The Helpline, Katherine Collette's debut novel, has been described as "delightful, feel-good fun" by one of my favourite authors Toni Jordan.
The Helpline Synopsis:
Germaine Johnson may not be all that good with people but she’s great with numbers. Unfortunately, as she discovers after the incident at Wallace Insurance, there are very few openings these days for senior mathematicians.
Then her cousin gets her a job at the council. On the Senior Citizens Helpline.
It’s not the resume entry Germaine wanted—but it turns out Mayor Verity Bainbridge has something more interesting in mind for her. A secret project involving the troublemakers at the senior citizens centre and their feud with the golf club next door. Which is run by the strangely attractive Don Thomas.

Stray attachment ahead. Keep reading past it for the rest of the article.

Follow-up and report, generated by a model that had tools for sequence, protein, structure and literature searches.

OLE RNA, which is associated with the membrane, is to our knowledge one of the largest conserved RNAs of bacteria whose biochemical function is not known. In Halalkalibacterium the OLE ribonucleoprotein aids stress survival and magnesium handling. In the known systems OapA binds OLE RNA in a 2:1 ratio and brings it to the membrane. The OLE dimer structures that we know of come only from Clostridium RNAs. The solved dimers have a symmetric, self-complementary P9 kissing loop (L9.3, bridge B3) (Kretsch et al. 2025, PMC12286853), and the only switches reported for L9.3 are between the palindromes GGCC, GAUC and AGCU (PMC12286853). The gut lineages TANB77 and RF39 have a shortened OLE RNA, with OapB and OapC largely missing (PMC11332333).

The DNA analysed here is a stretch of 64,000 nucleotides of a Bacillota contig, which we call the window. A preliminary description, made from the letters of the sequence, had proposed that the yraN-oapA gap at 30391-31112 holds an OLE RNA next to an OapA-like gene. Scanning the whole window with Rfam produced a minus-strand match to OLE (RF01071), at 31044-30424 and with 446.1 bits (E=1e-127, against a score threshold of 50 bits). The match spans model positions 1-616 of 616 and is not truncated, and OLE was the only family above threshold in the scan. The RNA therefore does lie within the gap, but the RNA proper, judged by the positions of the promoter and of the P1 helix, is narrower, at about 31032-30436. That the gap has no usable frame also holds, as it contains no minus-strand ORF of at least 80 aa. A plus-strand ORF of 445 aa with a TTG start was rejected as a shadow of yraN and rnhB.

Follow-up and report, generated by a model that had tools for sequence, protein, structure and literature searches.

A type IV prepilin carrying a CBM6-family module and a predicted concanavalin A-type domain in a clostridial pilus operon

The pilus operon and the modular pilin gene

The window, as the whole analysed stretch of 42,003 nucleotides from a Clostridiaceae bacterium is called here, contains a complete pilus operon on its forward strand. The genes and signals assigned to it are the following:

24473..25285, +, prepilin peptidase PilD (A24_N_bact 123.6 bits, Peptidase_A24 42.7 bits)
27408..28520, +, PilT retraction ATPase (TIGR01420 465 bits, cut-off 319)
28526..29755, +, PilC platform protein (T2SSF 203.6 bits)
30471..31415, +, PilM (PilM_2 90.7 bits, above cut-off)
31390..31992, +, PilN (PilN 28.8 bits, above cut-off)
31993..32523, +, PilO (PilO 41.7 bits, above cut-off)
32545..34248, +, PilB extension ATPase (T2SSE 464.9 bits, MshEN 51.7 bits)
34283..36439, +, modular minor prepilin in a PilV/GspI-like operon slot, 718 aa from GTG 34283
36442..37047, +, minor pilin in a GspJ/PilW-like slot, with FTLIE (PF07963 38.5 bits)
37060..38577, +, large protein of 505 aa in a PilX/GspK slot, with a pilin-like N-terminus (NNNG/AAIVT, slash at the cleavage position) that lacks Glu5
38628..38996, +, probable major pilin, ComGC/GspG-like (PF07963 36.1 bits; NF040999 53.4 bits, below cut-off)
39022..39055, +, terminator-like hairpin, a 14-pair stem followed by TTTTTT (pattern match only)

Don and the mayor want the seniors closed down.
Germaine wants what Don and the mayor want. But when she’s forced to get to know the ‘troublemakers’—things get more complicated.
A sharp, witty, big-hearted comedy from a hilarious new Australian writer, Katherine Collette’s The Helpline is about people power and brain power—and the difficulty of getting them to work together.
(Text Publishing, September 2018)
Firstly I just want to address comparisons to other recent bestsellers, so that readers do not go into this novel with the wrong expectations. The Helpline is far lighter than Gail Honeyman's Eleanor Oliphant is Completely Fine and its protagonist is less likeable than Graeme Simsion's Don Tillman. That said, the great buzz about this book is warranted.
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